Administering Ashes

Someone emailed me from the church and asked if I’d volunteer to “administer ashes and pronounce a benediction” for the Ash Wednesday service. I said I’d like that (not at all knowing what I’d actually be doing). Ash Wednesday begins the season of Lent, the forty days (plus Sundays) leading up to Easter in some of the older Christian traditions. Our church is not old; it is artsy. Gutsy. It is both cutting edge and traditional, free and intentional, open and accepting and loving as all get out. It is like God, but barely. Just an image, really.

Imago Dei.

And, I like sacrament and ritual and I really like knowing people who follow the church calendar. So I said yes to the opportunity.

Benediction? Great. I love to bless people.

Administering ashes? Not sure, never done that before.

I’m quite familiar with ashes: knew a cat with the name, Ashes; carried my Dad’s cremated remains from Texas to Oregon, a canister of “ashes”; I have set many things on fire and once witnessed what I thought was an entire camp tent being set ablaze and reduced to ashes (turns out, as I saw the burst of flames and ran across the campground to warn them, that I was looking through their screen tent and seeing a BBQ grill that the camp dad had doused with WAY TOO MUCH lighter fluid, and then struck a match); I have flicked the ash off the end of a piece of rolled up newspaper that my cousins and I tried to smoke as punk kids, thinking that smoking cigarettes was so so sophisticated, but way too sophisticated for us to try to buy a pack of the things, so the newspaper (noxious), and a piece of grapevine once (weird), and some straw (impossible), and then later in our adolescent fervor we’d pick up used butts for one or two horrid puffs (misguided); and I’ve used ashes to supplement nutrients in a garden (smart). But, I’ve never administered them.

Here goes! It is almost time to catch the bus, and I will report to you later.

It’s four hours later. I left the service quite some time ago, with an ash cross on my forehead. It is the same kind of cross that I put on the foreheads of a dozen people or so. There were eight pairs of us “administering the ashes”, first to each other, and then to any who came forward, which turned out to be everyone there. I checked. I saw no forehead untouched by the sign of the cross. The rest of the service, well, it was too deep in meaning for me to write about. I left changed, challenged, and confirmed, and I believe that I might profane the sacred by saying too much more.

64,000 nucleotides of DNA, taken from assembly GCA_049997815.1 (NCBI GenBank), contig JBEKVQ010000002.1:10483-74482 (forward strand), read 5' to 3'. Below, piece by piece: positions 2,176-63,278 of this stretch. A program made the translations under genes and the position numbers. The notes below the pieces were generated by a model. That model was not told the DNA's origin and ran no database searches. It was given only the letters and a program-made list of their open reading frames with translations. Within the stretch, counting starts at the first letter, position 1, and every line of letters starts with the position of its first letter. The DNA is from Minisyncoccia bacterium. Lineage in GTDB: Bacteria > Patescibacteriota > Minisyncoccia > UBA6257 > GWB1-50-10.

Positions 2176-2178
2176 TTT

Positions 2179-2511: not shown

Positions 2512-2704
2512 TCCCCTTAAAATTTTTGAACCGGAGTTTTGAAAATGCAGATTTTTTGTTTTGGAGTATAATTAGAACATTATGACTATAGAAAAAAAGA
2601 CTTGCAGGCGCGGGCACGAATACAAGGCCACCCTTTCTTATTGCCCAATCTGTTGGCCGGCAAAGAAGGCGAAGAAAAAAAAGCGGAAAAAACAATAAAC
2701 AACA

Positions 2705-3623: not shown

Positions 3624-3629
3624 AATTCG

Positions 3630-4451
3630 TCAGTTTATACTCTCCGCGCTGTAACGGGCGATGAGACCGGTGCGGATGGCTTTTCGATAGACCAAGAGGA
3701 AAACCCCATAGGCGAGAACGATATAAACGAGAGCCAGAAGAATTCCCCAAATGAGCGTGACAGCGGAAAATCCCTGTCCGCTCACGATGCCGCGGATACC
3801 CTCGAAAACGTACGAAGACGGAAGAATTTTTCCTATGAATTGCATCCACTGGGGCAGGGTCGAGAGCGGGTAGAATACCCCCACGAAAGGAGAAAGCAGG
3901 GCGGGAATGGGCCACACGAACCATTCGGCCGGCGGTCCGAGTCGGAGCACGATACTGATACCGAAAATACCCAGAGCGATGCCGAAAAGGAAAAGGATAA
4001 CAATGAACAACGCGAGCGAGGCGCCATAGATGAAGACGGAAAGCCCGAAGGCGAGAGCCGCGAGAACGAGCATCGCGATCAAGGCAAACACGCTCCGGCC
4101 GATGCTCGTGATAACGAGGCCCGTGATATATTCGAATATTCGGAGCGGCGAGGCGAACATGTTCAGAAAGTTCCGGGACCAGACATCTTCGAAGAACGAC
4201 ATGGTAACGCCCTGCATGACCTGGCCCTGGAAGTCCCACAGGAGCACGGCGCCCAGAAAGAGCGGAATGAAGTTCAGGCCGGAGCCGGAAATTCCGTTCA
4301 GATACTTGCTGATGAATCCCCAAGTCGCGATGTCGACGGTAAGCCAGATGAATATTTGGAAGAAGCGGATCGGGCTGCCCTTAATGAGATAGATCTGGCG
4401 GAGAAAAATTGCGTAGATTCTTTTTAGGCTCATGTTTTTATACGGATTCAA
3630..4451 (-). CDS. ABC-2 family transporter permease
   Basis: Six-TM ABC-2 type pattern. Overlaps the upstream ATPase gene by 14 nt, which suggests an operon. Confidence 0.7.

Many people who participate in this time also choose to give up something for Lent. Traditionally it is a certain food, like a mini fast. But in the past, I have given up ideas, time, money, and years ago I gave up accepting criticism. This year I chose a luxury and a symbol. And in giving it up, it is not a sacrifice; it is an offering. And a statement. And a testimony. And a commitment. I decided three days ago to give up chocolate. That picture up there is a fine 72% cocoa content semi-sweet from Belgium. It is the best chocolate for the money that I have ever had. Not the best, but the best when money is an object.

The rest of what I am about to write, I am not writing to get you to think anything about me. I am writing it to bless you, and to let you know how easy and natural it is–all of it–when the self is released, and the flow of the true love of God pours in. Because it then pours out, freely.

I left that Ash Wednesday service and went to catch the bus, to go back across the river into downtown. I checked the schedule and sat down next to a guy with headphones on. A young girl with nice boots walked up to my left and stood outside the shelter, and I moved my backpack to offer her a seat.

Then, this woman walks up. She is holding a red box and is walking with a youthful gait. When she gets close, I can see that she is maybe 60 years old and, I guess “active” would be a good word for her. She opens the red box and asks Headphones, would you like a piece of chocolate? He ignores her. Then to Boots, would you like a piece of chocolate? Oh, no thank you, but it is nice of you to offer. To me, hi how about you, would you like some chocolate? Not a piece, this time, but some chocolate. I said no thank you, but I truly appreciate what you are doing and what you are offering. The bus pulls up and Boots sits to wait for another bus line, and I get on after Headphones and Active. As I get on after her, she is asking the bus driver, would you like a piece of chocolate? No thanks. She sits down, and I sit in an adjacent seat, and she turns to me, “Are you sure you don’t want some chocolate?”

I do want chocolate, I tell her, but here’s the thing: I have given up chocolate for Lent. She says that’s wonderful and she tells me something like, “I was baptized a Catholic but I am Jewish sort of and I found a synagogue but I also go to churches and I embrace all faiths and to me it is all . . .”

“One thing”, I say to her in that pause. It is all one thing. And she smiles, and says, “And the thing is?”

“Love”, I proclaim to her eyes. And I swear that she almost jumps out of her seat with joy, and she says in a slight accent, “Jyes, jyes that’s it!”